Q. What sort of formula should I use?

Here again, you are at the mercy of multi-million pound companies, all competing for your attention. The dangers here are potentially greater than with teat buying. So, here is some really important information for you to read, re-read and read again …

The law in this country states that ALL infant formula milks MUST offer your baby her complete nutritional requirements. Notice that I did not say “minimal requirements”. So every formula marketed, including those made from goat’s milk or soya MUST, by law, give your baby absolutely every vitamin, mineral, carbohydrate, protein and fat that she needs. Sure, not one of them gives your baby the protection to fight infection or a whole host of other stuff in mum’s milk, but you know that! What you almost certainly do not know is that the milk manufacturers add a heap of other stuff, over and above the legal limit, in order to be able to boast to you and make you think that their milk is superior. But the other extra stuff is not only “surplus to requirement” but we genuinely do not know if it is ok for babies. The companies do not provide adequate evidence to say that their magic ingredient is safe to give eight times a day for many months to your baby. The “not needed” stuff adds cost to the milk which goes into further promotion and new products in order to boost profits.

Remember that, no matter how annoyed you feel about that midwife who bent your ear about breastfeeding, she does not make a single penny out of you if you choose to suckle. She gets the same wage whether you booble for a week, a month or a year. Nor does she lose out if you choose to formula feed. It is no skin off her nose. This is the very opposite of the formula folk. Every extra tin of their milk that you buy, goes towards their profit margin. If you drift towards another brand, they lose out. This is why the manufacturers advertise so hard and why they add unnecessary ingredients – it’s a marketing dog-eat-dog world out there!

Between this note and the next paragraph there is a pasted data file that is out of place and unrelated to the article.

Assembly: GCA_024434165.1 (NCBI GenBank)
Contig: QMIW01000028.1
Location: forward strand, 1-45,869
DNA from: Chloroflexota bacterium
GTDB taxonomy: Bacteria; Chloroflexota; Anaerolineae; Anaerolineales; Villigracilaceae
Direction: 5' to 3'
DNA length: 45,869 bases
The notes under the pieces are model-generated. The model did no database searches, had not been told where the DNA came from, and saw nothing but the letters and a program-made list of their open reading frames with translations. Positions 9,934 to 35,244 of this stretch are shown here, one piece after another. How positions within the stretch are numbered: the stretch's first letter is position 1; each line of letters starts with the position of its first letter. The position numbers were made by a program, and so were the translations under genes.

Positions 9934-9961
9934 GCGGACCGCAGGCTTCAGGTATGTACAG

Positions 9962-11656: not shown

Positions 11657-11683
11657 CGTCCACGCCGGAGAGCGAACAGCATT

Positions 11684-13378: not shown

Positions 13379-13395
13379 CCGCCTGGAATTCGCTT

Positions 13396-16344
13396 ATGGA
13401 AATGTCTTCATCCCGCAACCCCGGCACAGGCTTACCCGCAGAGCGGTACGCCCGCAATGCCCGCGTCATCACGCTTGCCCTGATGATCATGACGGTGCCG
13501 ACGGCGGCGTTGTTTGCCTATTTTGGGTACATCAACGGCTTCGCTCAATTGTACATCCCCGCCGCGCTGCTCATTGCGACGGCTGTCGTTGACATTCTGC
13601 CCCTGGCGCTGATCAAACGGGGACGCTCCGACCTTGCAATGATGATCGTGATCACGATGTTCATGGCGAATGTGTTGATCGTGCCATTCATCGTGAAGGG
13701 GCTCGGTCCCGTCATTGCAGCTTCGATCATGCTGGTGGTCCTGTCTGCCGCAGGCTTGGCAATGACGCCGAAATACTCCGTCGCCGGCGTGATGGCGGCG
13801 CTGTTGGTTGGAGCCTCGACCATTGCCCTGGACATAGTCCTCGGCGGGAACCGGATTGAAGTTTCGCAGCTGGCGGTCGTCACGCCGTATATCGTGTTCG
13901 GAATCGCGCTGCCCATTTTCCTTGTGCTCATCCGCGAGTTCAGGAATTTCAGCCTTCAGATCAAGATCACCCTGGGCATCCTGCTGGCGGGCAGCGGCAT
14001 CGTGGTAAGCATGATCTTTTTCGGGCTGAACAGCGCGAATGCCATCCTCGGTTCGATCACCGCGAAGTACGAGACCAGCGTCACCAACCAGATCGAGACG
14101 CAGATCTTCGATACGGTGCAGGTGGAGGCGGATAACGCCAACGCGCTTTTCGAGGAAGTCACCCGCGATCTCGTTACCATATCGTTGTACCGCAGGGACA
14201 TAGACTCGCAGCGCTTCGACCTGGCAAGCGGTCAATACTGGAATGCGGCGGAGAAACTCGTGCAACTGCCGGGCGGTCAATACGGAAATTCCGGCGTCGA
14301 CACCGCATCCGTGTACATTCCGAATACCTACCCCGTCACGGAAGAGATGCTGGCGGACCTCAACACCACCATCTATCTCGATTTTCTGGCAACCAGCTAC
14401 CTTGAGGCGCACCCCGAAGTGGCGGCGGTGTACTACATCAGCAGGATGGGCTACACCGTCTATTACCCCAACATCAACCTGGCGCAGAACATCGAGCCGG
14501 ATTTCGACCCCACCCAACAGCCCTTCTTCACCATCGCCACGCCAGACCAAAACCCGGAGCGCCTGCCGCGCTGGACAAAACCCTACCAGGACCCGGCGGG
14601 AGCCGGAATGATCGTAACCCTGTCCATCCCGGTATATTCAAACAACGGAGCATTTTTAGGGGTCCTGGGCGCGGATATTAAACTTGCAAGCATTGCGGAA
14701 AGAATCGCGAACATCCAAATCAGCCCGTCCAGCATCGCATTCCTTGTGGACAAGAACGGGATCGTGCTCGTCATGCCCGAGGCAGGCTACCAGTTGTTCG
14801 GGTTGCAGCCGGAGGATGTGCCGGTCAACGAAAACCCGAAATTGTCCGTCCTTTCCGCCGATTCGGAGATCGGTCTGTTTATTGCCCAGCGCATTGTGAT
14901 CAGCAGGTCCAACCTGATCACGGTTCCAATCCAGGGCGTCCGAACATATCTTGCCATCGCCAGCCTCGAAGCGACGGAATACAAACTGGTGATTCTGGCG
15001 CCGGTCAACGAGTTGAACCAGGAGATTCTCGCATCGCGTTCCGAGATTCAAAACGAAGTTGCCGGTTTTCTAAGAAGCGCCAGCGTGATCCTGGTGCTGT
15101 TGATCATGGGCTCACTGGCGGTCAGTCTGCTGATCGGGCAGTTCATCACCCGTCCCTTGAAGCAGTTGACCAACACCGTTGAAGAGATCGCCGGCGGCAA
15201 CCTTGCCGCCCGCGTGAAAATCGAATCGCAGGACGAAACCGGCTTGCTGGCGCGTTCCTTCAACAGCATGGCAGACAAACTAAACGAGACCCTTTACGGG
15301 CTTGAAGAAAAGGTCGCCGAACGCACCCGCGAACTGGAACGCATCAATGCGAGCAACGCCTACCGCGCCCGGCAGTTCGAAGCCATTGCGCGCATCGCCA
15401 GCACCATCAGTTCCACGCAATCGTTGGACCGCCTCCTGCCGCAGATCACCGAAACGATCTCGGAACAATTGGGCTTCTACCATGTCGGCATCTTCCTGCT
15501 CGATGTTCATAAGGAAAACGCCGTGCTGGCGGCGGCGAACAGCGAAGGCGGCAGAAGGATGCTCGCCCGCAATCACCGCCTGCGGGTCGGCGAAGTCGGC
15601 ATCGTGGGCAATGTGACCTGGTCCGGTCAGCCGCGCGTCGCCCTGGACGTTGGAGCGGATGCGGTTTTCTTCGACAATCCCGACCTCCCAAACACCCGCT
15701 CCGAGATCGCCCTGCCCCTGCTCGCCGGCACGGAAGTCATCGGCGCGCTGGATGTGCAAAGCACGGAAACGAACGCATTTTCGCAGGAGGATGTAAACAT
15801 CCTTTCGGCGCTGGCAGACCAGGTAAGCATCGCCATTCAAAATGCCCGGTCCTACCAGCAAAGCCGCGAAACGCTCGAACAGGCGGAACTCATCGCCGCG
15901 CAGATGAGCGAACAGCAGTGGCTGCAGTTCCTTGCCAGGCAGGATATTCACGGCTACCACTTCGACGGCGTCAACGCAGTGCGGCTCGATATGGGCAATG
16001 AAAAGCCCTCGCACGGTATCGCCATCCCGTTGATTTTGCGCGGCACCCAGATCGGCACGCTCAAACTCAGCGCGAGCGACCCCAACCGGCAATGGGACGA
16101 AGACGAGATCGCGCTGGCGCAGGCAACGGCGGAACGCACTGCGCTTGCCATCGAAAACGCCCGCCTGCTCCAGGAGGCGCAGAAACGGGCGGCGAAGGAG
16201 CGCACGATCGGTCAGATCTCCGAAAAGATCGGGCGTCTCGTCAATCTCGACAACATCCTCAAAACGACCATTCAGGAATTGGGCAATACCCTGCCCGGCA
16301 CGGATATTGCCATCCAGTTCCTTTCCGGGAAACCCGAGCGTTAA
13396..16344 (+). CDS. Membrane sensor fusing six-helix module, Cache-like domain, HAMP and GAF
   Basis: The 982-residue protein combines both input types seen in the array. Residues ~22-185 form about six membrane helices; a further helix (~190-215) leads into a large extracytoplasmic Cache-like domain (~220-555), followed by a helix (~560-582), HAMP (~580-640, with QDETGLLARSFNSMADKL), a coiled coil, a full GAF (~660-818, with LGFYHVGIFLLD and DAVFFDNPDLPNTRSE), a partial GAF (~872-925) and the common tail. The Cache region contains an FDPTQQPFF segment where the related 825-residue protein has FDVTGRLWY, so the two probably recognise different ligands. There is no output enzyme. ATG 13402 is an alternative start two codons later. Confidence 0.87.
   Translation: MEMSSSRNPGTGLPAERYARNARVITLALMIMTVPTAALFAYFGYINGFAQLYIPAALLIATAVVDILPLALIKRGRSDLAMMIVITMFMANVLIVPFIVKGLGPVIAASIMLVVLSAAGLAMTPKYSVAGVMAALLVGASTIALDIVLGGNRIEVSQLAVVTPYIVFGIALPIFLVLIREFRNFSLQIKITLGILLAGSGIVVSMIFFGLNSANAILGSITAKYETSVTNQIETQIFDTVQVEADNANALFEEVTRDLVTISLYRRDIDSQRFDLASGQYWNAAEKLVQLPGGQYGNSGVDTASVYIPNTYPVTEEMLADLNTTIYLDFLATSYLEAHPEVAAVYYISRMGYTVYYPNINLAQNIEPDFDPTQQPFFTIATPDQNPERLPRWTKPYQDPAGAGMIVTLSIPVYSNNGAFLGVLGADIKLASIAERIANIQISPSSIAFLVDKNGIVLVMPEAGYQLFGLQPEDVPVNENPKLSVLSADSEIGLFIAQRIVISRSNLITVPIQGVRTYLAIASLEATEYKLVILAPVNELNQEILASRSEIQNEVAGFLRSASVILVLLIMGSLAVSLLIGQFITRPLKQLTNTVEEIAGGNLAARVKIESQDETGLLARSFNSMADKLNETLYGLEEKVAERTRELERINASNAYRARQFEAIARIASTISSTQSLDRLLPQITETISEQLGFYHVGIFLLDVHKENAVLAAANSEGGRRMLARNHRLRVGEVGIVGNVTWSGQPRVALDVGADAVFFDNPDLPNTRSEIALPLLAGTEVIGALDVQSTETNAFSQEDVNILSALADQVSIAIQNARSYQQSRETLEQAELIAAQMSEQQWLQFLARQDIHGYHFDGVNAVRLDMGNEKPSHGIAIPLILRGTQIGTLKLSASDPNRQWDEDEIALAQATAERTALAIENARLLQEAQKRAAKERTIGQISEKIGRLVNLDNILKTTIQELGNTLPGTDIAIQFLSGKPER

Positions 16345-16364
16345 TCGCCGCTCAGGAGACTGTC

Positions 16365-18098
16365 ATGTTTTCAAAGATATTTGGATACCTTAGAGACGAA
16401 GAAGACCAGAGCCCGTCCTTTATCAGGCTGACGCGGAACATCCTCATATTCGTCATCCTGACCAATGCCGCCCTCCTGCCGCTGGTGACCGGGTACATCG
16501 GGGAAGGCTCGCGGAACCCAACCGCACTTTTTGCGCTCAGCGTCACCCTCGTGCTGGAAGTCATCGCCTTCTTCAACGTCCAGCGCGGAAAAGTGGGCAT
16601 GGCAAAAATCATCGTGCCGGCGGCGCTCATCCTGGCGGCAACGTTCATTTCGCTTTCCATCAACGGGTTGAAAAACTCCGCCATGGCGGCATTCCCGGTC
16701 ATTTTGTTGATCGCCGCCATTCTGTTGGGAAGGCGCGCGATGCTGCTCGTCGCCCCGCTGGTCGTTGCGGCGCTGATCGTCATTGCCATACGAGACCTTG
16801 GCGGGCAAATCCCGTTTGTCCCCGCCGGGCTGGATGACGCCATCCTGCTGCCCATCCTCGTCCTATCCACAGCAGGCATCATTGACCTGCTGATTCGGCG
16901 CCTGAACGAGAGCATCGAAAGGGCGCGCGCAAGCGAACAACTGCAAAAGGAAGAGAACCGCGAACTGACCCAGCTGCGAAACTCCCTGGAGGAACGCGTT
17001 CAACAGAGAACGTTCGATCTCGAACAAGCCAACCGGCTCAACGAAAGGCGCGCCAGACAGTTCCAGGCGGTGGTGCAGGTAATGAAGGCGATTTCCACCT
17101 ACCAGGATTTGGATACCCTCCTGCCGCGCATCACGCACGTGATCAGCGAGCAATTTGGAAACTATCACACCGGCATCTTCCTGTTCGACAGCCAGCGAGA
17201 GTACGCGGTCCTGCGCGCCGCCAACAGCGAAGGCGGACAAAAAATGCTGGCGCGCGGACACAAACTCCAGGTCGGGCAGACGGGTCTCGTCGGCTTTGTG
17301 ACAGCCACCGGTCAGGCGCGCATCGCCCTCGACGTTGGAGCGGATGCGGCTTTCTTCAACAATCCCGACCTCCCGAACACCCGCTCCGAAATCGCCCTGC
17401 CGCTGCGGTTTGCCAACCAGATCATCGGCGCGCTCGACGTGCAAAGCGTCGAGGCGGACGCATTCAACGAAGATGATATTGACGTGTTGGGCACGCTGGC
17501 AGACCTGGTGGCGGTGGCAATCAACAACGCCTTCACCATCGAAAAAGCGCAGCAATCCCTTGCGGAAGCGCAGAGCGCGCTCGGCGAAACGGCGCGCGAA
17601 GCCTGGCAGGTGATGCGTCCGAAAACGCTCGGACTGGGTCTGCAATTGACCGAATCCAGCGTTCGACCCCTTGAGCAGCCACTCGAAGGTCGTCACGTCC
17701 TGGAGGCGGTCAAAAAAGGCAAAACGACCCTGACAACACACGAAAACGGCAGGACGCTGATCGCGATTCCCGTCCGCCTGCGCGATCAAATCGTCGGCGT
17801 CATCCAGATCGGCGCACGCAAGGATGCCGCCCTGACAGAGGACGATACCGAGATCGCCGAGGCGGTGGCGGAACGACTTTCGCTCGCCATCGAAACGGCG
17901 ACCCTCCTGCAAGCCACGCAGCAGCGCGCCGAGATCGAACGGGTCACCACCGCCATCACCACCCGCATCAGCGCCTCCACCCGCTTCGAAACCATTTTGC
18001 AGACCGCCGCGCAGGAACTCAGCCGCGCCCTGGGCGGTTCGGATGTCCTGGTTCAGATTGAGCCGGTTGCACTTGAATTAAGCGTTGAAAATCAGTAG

In essence then, if you buy the supermarket own-brand formula, your baby will get all her nutritional needs completely and totally met. Buy one of the top brands and your baby will get more than you bargained for, and not necessarily in a good way. Your posh formula may well be a more risky choice for your baby’s health than your supermarket cheapo.

Avoid buying according to your tribe (and those well known brands are very tribal – some are more popular amongst the middle classes and some amongst the working classes and some amongst vegetarians) and, instead, buy thoughtfully for your baby. If you can’t bear to see your friends turn their noses up at your choice, either don’t tell them what milk you use, lie (lying is not illegal if you are not the president of the United States) or transfer your formula to a sterile, air tight container so no-one has any idea of which brand you have chosen. Which formula brand you choose is your business alone and mothering is tough enough without the unsolicited opinions of other people to contend with.

Finally, don’t be duped into thinking that you should choose your formula and then stick to it. Most women, and most healthcare professionals, believe that changing formulas leads to tummy problems. This is no more true than I get tummy ache if I have toast for breakfast and rice for lunch (my tummy ache is caused by pigging out on vast quantities at each meal and then topping off with chocolate ice cream).

In fact, because each formula is slightly different in taste and texture, you could be doing your baby a favour by ringing the changes now and then (or even through the day or week). Exposure to different flavours (through mum’s milk or by using different formulas) can make life easier when it comes to weaning. The baby who has had the same flavoured meal six to eight times a day for six months can really struggle with the complex flavours of family foods. The companies which make formulas also make endless expensive but very bland weaning foods to give to those babies whose palates have never been challenged.

You are a savvy, modern woman so resist the pull of the advertisers and buy smart, not posh, and vary the formula when the mood takes you. Finally, if you want more information on smart bottle feeding, including how to give a feed in a way that reduces wind, vomiting and over-feeding, take a look at chapter 5 in my book “Your Baby Skin To Skin”.